While a two-tiered advice model proposed from the Quality of Advice Review has won over support from super fund providers, there remains trepidation towards the re-emergence of vertically-integrated advice models.
The government released review lead Michelle Levy’s recommendations earlier this month which is now under consultation. Financial services minister Stephen Jones will embark on a three-city roadshow in March to Sydney, Brisbane and Melbourne to engage with industry.
The suite of proposals includes the introduction of a two-tiered model of financial advice – expensive professional advice from accredited financial advisers and less costly advice from financial services providers including banks, super funds and digital firms, provided the client is not paying for the advice.
The two-tiered model proposed was supported by UniSuper chief executive Peter Chun when he spoke at last week’s 2023 ASFA Conference in Melbourne.
“Now is the time to really tackle broadening out advice, we are believers in this two-tier model. We should be focusing on the content of the advice and not the process… and the onus is on the institution to give good quality advice,” he said.
The proposal has raised concerns around the re-emergence of vertically-integrated models, something the minister had previously warned against.
“One of the key concerns for us is the recommendation that non-relevant providers will be able to give personal financial advice where the client is not paying for it,” Industry Funds Services (IFS) chief executive Csaba Baranyai tells Investment Magazine. The firm is a licensee with around 120 financial advisers that provides advice to members of more than 16 super funds.
“If that does end up becoming legislated, the changes have the potential to herald the re-entry of banks and large product manufacturers back into the advice space. We feel this will undermine the attempts to professionalise the advice industry and pare back consumer protections,” he says.
At a panel discussion at last week’s ASFA conference, Levy explained vertical integration already exists within the industry through the way financial institutions give advice about the products they market with the intention to encourage a client to buy their products. “That is vertical integration.”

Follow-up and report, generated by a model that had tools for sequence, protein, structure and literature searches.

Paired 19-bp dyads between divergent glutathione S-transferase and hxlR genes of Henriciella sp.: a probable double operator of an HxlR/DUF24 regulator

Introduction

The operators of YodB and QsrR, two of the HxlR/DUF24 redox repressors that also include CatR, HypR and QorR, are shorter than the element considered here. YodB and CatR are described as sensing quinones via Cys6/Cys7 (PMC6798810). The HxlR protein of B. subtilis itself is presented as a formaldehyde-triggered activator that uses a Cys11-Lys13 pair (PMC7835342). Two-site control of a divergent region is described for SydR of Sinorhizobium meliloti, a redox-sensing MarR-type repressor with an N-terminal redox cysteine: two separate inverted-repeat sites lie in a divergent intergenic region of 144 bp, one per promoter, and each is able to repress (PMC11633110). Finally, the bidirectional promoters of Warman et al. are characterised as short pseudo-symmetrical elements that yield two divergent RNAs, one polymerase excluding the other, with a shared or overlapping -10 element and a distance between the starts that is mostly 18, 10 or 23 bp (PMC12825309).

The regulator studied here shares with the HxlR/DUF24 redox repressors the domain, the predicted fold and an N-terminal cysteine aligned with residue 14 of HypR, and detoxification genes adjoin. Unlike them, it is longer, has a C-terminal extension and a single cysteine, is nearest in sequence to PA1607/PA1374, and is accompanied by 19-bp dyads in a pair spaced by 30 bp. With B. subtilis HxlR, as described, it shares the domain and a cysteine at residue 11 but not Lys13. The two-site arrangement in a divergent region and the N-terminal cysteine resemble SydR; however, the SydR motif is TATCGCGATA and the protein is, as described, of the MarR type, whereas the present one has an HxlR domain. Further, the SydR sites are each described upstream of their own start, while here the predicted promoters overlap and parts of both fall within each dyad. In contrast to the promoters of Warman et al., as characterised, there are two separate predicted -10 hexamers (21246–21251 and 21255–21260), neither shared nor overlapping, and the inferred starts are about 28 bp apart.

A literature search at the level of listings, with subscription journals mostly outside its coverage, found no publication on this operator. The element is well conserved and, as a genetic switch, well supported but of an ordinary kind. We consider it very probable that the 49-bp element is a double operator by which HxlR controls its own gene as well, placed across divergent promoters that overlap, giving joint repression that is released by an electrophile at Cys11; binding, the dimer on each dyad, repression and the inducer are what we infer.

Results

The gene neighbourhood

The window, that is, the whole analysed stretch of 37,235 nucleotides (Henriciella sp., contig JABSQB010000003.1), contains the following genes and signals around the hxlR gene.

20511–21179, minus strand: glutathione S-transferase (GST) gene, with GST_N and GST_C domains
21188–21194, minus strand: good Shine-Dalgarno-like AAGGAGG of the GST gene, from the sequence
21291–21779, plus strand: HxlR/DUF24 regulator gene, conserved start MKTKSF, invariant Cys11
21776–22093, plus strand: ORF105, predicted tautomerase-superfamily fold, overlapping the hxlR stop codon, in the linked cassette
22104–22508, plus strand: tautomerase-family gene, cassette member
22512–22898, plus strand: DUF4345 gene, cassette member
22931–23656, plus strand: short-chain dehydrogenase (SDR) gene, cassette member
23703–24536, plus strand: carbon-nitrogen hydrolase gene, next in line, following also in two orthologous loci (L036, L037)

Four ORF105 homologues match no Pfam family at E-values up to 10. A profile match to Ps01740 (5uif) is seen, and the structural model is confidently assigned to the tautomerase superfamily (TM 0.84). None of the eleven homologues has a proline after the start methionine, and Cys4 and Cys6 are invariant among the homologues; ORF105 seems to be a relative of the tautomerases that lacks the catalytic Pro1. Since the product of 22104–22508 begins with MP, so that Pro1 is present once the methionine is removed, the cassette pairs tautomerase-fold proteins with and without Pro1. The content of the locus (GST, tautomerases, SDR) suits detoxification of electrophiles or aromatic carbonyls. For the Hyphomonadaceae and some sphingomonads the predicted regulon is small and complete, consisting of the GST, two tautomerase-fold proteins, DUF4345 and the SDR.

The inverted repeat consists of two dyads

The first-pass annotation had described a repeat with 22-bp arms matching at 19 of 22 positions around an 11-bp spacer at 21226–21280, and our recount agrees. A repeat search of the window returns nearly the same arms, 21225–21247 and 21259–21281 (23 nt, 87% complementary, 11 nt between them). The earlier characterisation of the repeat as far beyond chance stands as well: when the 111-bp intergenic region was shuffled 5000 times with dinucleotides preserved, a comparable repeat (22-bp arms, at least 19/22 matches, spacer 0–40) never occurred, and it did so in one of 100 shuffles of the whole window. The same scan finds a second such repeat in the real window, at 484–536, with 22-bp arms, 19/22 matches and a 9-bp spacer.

“Vertical integration isn’t an option in financial services. It is not feasible or desirable to separate the sale of a financial product from the issue of the financial product,” she said.
“A financial product doesn’t sit on the shelf waiting to be acquired, it is created by the legal relationship between the customer and financial institution, the member and super fund.”
The proposal to expand the services super funds currently provide to members comes at a pivotal time when 3.6 million Australians are expected to retire in the next decade.
“A relationship between a superannuation fund and a member might be one of the longest relationships a person has. It makes no sense to say the fund should not be providing advice to their member from time to time and in doing so, they should give advice that is relevant to the member,” Levy said at the ASFA conference.
The chief executives of heavyweights AustralianSuper and Australian Retirement Trust have written to minister Jones to throw their support behind the recommendations reported the Australian Financial Review.
Super funds are already gearing up their advice services – including funds who have hitherto not provided advice – ahead of the recommendations being legislated. “For some [clients], it is the first time they are offering advice to their members and we are co-designing a brand new advice service model for them,” says IFS’ Baranyai.